By William F. Zachmann for the Duxbury Clipper
Using the Duxbury Town Manager Act to prevent transparency in the conduct of Town government is even more pernicious than perverting the Massachusetts Open Meeting Law to close meetings and avoid discussion of topics a majority of the Board of Selectmen prefers not to discuss. Both are fundamental violations of the basic rights of citizens and taxpayer to know exactly what is being done on their behalf and with their money.
In this instance it take the form of claims that because the Town Manager Act delegates certain responsibilities to a “professional Town Manager” it is therefore improper not only for citizens but for the Board of Selectmen as well to inquire into the details of the management of Town government. To do so it is said (or at least implied) is improper and maybe even illegal. To do so, it is claimed, is a wrongful and illegitimate attempt to “micromanage” or to “second guess” our Town Manager.
Such claims are as logically absurd as they are legally baseless. The Board of Selectmen appoints the Town Manager and can legally remove him at any time according to the statute. Moreover the Act specifically reads: “The Board of Selectmen shall exercise, through the town manager, general supervision over all matters affecting the interests or welfare of the town.”
In short, the ultimate authority resides with the Board of Selectmen, as the executive, on behalf of the citizen of Duxbury and not with the Town Manager. The Town Manager Act formalizes the office of Town Manager and the delegation to him of the roles of chief administrative officer and chief financial officer of the Town. But delegation is not abdication. The Town Manager reports to and is responsible to the Board of Selectmen who in fact control him far more than they admit.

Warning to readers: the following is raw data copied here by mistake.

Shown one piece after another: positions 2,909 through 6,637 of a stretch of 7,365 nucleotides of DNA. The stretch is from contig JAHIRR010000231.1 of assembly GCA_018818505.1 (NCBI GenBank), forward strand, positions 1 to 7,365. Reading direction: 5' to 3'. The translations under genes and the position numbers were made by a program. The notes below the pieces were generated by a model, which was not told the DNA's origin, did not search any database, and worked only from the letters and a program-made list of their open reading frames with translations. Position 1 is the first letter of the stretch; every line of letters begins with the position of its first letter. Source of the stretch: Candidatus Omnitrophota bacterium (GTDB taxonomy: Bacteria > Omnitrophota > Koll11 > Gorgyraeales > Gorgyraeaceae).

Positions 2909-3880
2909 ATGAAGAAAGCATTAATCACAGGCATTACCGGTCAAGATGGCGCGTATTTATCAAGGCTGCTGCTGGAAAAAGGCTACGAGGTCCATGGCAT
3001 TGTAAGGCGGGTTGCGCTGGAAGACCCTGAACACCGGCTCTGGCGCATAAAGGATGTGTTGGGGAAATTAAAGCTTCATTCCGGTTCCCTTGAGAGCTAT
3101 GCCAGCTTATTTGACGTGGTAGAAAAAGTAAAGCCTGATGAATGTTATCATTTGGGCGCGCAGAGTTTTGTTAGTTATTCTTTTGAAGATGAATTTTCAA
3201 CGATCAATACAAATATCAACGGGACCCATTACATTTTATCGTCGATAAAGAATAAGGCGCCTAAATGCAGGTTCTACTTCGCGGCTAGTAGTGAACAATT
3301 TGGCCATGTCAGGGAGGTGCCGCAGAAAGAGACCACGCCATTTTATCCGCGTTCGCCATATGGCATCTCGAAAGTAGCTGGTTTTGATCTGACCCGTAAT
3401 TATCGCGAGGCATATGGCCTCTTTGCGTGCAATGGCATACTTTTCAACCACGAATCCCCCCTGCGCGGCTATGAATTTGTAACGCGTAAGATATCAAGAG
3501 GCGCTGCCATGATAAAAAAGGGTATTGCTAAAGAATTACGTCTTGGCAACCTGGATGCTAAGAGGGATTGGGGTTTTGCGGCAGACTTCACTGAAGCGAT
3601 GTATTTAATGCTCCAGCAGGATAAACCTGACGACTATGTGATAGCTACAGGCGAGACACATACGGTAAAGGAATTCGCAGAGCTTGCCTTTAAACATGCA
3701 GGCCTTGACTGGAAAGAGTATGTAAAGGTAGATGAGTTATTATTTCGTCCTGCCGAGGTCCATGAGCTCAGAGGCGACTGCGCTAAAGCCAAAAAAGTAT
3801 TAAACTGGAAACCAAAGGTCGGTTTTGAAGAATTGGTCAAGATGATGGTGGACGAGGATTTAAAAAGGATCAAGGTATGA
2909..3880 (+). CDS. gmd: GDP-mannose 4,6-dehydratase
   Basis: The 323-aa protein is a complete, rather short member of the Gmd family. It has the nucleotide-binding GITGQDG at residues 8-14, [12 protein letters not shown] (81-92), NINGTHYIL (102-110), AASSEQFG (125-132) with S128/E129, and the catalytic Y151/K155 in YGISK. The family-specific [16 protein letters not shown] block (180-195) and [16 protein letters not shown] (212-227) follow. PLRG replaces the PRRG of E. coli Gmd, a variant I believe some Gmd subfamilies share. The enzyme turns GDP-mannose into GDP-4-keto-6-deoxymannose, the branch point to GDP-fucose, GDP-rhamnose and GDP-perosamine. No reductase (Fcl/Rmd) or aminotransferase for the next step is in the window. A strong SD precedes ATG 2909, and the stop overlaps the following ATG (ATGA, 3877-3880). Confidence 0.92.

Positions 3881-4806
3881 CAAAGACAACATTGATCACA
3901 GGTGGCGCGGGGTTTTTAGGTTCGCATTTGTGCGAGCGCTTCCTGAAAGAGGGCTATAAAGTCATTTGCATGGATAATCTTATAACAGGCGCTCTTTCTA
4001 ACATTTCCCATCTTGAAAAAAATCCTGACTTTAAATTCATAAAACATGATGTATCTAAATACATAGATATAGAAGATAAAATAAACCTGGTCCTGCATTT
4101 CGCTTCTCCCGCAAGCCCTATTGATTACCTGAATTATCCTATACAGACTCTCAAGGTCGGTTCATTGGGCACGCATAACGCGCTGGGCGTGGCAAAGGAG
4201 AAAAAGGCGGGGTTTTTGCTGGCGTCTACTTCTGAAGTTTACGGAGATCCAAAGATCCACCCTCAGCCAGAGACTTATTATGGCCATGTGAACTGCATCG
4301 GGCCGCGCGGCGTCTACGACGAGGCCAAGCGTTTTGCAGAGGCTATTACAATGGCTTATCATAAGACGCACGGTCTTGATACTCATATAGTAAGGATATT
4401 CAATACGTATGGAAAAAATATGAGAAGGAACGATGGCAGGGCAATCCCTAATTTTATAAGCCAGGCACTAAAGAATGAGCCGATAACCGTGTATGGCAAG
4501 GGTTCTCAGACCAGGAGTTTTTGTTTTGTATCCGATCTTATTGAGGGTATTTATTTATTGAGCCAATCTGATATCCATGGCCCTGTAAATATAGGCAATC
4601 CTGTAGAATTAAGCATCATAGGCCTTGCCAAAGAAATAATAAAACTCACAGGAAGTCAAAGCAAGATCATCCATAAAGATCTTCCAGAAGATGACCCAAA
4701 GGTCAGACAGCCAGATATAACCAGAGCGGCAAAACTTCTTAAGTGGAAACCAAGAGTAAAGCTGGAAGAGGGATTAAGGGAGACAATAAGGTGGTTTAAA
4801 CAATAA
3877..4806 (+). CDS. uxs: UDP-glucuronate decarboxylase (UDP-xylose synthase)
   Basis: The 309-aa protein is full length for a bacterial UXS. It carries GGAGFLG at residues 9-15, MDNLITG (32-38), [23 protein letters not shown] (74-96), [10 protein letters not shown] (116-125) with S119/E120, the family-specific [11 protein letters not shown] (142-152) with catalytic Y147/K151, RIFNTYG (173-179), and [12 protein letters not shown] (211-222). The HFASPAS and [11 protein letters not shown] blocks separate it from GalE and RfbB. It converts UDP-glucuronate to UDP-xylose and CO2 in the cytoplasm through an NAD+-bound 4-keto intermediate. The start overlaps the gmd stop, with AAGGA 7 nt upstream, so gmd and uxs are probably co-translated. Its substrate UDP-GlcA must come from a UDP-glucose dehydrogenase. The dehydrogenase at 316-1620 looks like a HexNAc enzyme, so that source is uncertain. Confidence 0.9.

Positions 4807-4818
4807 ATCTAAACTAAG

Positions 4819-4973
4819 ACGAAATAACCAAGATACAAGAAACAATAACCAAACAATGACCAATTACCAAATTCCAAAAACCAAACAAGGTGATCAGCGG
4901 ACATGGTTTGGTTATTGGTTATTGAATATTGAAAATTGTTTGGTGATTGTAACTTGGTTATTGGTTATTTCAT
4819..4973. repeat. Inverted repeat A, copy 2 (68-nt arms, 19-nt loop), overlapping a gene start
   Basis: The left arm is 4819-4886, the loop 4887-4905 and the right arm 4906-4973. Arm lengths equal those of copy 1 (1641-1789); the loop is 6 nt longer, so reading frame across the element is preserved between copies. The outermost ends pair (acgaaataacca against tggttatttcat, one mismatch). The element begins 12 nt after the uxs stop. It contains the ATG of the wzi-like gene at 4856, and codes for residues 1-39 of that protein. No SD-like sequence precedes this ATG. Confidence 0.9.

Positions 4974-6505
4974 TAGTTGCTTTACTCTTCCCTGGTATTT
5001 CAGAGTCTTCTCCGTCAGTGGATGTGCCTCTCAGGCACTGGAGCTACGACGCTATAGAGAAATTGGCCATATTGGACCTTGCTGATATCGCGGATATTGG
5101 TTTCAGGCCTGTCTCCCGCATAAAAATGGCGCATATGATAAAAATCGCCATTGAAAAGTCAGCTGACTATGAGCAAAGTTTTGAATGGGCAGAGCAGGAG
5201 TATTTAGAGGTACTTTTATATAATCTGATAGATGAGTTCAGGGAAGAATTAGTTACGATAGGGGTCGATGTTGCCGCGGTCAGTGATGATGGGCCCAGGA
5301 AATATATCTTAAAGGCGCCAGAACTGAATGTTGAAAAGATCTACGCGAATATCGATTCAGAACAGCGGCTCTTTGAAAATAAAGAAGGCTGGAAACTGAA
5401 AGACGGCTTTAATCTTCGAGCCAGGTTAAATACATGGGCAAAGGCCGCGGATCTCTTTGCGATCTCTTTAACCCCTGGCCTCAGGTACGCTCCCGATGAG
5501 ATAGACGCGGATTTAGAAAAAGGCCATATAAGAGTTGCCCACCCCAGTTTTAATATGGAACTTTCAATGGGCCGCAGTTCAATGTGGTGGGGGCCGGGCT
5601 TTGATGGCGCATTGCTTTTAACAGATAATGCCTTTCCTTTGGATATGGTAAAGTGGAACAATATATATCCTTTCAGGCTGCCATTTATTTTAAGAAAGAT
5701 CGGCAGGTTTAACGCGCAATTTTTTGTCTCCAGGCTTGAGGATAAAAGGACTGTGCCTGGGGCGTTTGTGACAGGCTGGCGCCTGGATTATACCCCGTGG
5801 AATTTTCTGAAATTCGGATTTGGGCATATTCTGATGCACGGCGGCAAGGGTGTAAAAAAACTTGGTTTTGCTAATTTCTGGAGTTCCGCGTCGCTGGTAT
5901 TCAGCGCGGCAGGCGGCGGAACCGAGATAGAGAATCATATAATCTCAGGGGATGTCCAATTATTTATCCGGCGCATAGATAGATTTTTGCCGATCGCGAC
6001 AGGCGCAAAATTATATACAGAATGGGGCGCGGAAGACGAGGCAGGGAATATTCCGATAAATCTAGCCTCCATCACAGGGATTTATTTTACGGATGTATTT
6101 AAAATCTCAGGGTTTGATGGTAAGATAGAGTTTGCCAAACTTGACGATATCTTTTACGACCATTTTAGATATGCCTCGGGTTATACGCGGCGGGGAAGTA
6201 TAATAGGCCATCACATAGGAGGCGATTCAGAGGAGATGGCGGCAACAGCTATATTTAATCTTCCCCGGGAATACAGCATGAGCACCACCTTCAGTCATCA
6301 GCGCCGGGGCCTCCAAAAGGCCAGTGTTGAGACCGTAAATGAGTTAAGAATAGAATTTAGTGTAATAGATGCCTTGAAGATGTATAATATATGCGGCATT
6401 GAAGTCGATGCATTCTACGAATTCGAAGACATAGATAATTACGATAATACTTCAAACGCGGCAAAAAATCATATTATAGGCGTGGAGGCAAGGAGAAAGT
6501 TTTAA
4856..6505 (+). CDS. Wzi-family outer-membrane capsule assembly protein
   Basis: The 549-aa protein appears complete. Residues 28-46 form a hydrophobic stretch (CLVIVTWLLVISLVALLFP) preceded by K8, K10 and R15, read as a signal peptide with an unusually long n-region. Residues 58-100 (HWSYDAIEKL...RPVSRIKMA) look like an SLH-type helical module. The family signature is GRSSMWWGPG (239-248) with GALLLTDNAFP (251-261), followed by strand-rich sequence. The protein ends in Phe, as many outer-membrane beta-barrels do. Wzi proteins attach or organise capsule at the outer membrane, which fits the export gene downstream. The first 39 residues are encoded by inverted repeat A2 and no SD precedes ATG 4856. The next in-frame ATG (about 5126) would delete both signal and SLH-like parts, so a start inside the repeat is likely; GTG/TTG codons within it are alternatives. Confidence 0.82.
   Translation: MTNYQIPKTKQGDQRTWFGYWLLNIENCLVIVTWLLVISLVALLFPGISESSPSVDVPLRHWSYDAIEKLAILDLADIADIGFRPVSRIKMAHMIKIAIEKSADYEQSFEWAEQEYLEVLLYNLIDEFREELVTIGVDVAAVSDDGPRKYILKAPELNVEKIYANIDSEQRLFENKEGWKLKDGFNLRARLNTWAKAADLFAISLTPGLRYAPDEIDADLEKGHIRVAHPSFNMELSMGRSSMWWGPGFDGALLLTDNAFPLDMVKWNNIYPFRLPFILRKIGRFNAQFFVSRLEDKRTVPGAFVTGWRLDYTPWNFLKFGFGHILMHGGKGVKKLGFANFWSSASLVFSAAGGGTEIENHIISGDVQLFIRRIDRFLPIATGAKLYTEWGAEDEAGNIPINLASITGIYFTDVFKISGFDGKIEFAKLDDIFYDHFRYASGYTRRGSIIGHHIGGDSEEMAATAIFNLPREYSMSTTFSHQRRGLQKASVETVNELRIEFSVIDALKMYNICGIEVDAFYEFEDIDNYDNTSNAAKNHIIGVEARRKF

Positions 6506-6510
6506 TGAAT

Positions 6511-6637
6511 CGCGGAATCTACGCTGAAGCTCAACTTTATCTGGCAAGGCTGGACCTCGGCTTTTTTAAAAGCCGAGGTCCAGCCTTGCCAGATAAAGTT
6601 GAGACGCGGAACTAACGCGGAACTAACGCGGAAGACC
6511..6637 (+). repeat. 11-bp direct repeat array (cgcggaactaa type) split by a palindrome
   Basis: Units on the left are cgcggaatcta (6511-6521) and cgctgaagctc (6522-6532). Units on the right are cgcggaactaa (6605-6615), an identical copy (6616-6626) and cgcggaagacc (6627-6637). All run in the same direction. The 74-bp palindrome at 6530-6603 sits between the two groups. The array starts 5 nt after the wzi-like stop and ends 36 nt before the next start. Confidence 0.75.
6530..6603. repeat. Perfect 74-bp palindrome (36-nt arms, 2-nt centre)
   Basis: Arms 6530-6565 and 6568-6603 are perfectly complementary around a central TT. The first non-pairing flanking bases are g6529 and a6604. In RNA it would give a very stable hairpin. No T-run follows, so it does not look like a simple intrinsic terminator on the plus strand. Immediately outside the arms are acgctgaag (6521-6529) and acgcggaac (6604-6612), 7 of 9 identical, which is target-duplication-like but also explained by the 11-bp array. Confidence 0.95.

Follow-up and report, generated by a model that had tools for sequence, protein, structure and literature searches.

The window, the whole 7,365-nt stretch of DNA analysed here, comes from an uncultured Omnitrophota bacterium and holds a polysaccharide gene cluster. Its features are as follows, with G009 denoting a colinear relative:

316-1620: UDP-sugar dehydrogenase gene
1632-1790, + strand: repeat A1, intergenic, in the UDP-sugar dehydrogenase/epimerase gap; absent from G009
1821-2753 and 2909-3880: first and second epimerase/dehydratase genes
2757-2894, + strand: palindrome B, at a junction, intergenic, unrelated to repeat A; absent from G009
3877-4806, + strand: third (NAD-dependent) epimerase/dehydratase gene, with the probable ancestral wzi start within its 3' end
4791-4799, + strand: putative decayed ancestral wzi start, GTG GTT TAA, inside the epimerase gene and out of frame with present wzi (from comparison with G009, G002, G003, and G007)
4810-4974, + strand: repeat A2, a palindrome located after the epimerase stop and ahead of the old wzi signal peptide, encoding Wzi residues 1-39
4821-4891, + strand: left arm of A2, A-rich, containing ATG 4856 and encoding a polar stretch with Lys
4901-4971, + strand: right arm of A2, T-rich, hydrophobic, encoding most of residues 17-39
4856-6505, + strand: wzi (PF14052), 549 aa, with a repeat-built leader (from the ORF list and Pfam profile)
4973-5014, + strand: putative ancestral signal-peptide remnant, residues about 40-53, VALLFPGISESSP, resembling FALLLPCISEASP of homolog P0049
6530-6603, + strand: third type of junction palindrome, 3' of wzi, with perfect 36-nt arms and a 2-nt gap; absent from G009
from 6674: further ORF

So there can be no question of impropriety (let alone illegality) concerning any inquiry from a duly elected member of the Board of Selectmen for information about any aspect of the operation of Town Government under the administration of the Town Manager. Such inquiries are not only legitimate, but are a clear responsibility of the Board of Selectmen as the ultimate authority for the “general supervision over all matters affecting the interests of welfare of the town.”
For that matter, any and all such inquiries are equally proper and legitimate coming from any citizen, voter, and taxpayer in the Town of Duxbury. This is an essential part of the transparency of government operation required to ensure that citizens have full and unencumbered access to information on how their government is run and how their tax dollars are spent. We have a right to know and we should not permit our elected representatives to deny us such information.
So the majority of the Board of Selectmen should stop playing games and stop trying wrongly to use the Open Meeting Law and the Town Manager Act as excuses to restrict information and avoid discussion of uncomfortable topics they prefer to avoid. “The truth never hurts,” it is said, “unless it ought to.” Hiding the truth however always hurts more, in the end.